The main objective of wastewater treatment plants (WWTPs) is to remove pathogens, nutrients, organics, and other pollutants from wastewater. After these contaminants are partially or fully removed through physical, biological, and/or chemical processes, the treated effluents are discharged into receiving waterbodies. However, since WWTPs cannot remove all contaminants, especially those of emerging concern, they inevitably represent concentrated point sources of residual contaminant loads into surface waters. To understand the severity and extent of the impact of treated-wastewater discharges from such facilities into rivers and lakes, as well as to identify opportunities of improved management, detailed information about WWTPs is required, including (1) their explicit geospatial locations to identify the waterbodies affected and (2) individual plant characteristics such as the population served, flow rate of effluents, and level of treatment of processed wastewater. These characteristics are especially important for contaminant fate models that are designed to assess the distribution of substances that are not typically included in environmental monitoring programs. Although there are several regional datasets that provide information on WWTP locations and characteristics, data are still lacking at a global scale, especially in developing countries. Here we introduce a spatially explicit global database, termed HydroWASTE, containing 58 502 WWTPs and their characteristics. This database was developed by combining national and regional datasets with auxiliary information to derive or complete missing WWTP characteristics, including the number of people served. A high-resolution river network with streamflow estimates was used to georeference WWTP outfall locations and calculate each plant's dilution factor (i.e., the ratio of the natural discharge of the receiving waterbody to the WWTP effluent discharge). The utility of this information was demonstrated in an assessment of the distribution of treated wastewater at a global scale. Results show that 1 200 000 km of the global river network receives wastewater input from upstream WWTPs, of which more than 90 000 km is downstream of WWTPs that offer only primary treatment. Wastewater ratios originating from WWTPs exceed 10 % in over 72 000 km of rivers, mostly in areas of high population densities in Europe, the USA, China, India, and South Africa. In addition, 2533 plants show a dilution factor of less than 10, which represents a common threshold for environmental concern.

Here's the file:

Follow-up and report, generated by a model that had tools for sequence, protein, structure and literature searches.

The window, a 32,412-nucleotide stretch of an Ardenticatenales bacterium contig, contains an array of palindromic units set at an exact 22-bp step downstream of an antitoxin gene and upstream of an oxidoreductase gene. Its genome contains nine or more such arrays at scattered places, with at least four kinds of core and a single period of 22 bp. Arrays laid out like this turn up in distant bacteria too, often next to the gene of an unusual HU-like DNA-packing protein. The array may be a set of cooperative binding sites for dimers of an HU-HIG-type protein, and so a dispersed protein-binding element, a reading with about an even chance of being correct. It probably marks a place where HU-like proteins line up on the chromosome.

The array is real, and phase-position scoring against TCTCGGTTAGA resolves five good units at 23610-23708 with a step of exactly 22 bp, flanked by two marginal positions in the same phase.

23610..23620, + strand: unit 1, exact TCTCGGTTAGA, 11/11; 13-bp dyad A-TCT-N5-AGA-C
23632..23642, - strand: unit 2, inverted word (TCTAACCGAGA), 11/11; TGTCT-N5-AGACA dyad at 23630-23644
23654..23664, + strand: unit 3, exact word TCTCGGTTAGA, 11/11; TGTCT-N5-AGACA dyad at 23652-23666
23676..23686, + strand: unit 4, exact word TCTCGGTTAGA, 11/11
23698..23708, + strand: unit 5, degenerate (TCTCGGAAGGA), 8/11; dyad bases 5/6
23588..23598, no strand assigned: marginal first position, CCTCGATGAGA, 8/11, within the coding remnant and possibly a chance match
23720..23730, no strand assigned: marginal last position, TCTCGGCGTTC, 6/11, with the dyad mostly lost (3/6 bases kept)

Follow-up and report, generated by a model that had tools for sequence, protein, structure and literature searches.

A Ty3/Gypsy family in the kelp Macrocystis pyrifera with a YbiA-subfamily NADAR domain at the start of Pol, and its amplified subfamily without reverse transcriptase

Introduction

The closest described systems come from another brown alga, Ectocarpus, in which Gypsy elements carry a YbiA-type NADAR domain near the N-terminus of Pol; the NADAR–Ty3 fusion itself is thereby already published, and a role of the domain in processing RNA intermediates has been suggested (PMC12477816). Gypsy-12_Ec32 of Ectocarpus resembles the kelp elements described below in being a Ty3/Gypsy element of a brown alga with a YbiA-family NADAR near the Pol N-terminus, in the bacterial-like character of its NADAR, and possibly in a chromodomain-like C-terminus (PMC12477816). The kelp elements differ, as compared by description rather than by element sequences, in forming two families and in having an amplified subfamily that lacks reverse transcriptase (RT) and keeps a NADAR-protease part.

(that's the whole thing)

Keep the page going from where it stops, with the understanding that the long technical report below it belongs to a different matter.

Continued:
Download HydroWASTE (2.3MB).